From 1947 to 1957 the Bureau of Military History recorded over 1,700 witness statements from veterans of the 1913-1921 era. One of these witnesses was Senator Seán T Ruane, who was appointed principal of our school, Craggagh NS in 1914. Our play is based on his statement.
The Kiltimagh Young Mens’ Society (KYMS) was established in 1903 as a drama club and is still active to this day. However, as with many organisations at that time, KYMS was infiltrated by members of the Irish Volunteers and used as a cover for their operations. KYMS produced a number of plays mostly dealing with the 1798 period, e.g. “The Rebel Chief” and “The West’s Awake” and is credited with doing much to stir local militant nationalism. Our protagonist, the young principal teacher Seán T, was president of this society, KYMS, which became known locally as “Keep Your Mouth Shut”.
Seán T’s militant leanings brought him into direct conflict with his school manager, Fr Denis O’Hara, himself a considerable force in his own right. Our play focuses initially on their complex relationship. Fr O’Hara although staunch parliamentarian and Redmondite, was a nationalist at heart especially after being attacked in his home by the “Black and Tans”.
Our play goes on to explore the activities of local men and women during and after Easter 1916, such as the acquisition of 14 rifles at a hold up in Balla (using only a brass tap!) and house raids in Kiltimagh. We also meet a very interesting young lady, Miss Gavin, a Post Office Assistant, who loses her job due to her sympathies with the leaders of the 1916 Rising.
The events in our drama happened right here in Craggagh, Kiltimagh and Balla and were played out by local people. Ordinary people in an extraordinary time.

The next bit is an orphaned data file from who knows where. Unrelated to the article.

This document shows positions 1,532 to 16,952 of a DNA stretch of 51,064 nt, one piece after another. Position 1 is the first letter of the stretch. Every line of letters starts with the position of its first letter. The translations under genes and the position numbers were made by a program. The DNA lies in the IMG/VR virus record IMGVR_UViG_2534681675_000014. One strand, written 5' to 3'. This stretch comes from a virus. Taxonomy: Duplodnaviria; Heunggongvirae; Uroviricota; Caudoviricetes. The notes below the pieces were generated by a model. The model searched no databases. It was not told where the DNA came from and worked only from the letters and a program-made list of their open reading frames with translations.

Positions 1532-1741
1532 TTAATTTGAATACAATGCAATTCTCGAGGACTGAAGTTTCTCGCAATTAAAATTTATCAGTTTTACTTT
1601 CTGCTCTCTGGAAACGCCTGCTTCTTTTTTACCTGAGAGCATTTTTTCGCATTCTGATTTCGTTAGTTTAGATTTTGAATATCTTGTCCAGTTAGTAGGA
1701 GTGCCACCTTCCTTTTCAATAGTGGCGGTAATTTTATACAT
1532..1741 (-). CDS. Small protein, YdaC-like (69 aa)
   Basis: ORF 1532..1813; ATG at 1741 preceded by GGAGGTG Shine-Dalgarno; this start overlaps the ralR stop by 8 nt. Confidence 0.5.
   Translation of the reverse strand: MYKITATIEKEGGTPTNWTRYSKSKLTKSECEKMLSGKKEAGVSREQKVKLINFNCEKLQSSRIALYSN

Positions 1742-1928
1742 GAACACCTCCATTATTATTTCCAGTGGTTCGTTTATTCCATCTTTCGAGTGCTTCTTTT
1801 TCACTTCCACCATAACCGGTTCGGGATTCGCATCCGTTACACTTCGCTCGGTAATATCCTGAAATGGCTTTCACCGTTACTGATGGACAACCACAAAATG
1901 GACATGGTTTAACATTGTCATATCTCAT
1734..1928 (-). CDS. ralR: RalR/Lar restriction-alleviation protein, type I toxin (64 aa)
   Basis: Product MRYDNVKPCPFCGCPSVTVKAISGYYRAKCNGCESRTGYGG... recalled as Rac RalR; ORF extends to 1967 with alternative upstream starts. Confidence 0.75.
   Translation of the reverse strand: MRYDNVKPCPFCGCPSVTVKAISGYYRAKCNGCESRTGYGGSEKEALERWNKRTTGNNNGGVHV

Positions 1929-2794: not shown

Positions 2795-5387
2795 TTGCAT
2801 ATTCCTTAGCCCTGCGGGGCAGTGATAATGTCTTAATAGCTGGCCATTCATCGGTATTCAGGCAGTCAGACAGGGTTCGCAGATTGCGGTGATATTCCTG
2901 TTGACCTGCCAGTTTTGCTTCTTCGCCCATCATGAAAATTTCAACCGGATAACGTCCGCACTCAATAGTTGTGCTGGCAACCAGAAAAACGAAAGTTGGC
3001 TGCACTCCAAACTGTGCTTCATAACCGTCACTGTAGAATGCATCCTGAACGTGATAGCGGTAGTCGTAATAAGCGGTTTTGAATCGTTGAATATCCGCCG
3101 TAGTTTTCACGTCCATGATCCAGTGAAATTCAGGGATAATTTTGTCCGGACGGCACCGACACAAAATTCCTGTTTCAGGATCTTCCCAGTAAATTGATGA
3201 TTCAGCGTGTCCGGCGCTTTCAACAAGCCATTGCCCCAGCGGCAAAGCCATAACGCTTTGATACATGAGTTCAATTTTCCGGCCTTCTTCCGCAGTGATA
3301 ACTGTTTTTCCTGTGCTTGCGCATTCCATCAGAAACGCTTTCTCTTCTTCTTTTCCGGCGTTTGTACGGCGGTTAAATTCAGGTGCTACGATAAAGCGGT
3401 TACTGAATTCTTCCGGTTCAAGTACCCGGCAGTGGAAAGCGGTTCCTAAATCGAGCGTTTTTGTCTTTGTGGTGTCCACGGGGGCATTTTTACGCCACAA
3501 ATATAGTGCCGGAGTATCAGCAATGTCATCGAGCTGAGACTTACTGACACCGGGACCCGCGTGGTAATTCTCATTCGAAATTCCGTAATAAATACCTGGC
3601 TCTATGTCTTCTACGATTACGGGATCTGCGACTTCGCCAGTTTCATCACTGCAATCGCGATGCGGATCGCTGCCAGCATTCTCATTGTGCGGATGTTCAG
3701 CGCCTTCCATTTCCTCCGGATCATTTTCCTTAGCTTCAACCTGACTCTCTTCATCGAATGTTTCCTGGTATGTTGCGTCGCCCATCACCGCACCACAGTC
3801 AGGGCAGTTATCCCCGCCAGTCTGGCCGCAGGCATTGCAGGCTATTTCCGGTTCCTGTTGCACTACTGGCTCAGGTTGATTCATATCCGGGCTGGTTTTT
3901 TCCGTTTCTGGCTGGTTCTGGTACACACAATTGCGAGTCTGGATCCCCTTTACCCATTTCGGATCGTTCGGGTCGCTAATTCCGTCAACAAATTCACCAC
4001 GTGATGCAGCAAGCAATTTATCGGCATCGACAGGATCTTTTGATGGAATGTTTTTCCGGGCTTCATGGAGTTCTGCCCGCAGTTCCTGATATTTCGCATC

The medal on the left above (green, orange and black ribbon) is the Truce Commemoration Medal awarded to veterans still alive on June 11, 1971 which was the Jubilee of the 1921 truce.
The medal on the right is the Service (1917 – 21) Medal. This medal was awarded in two classes:
(a) Medal with bar to persons who are in possession of a military service certificate entitling them to a pension under the Military Service Pensions Acts in respect of active service in the period subsequent to 1916 and prior to 11 July 1921 and to those persons not in possession of a certificate who satisfy the Minister for Defence that had they applied for a pension, their service was such as would have merited the award of a pension.
(b) Medal without bar to persons who were members of Óglaigh na hÉireann (Irish Republican Army), Fianna Éireann, Cumann na mBan or the Irish Citizen Army for the three months ending on 11 July 1921.
During the early 1970s when DeValera was president, he invited veterans to apply for these medals and pensions, by listing their activities and referencing their contemporaries as proof.
Many thousands were awarded medals and pensions during this time. Below is the account of Dan Moran from Derryvohey, Craggagh (Mr Charlton’s grandfather) who was also awarded his medals in 1971.
This was an amazing time in Irish history and our area is no exception. There’s loads to explore and we’ll publish what we find here.
If you have anything relating to this period of history, especially if it relates to our locality, please get in touch. We love local history, especially if we can use primary sources.
We’d love oral stories, written records, photographs, medals, membership books, oath cards etc.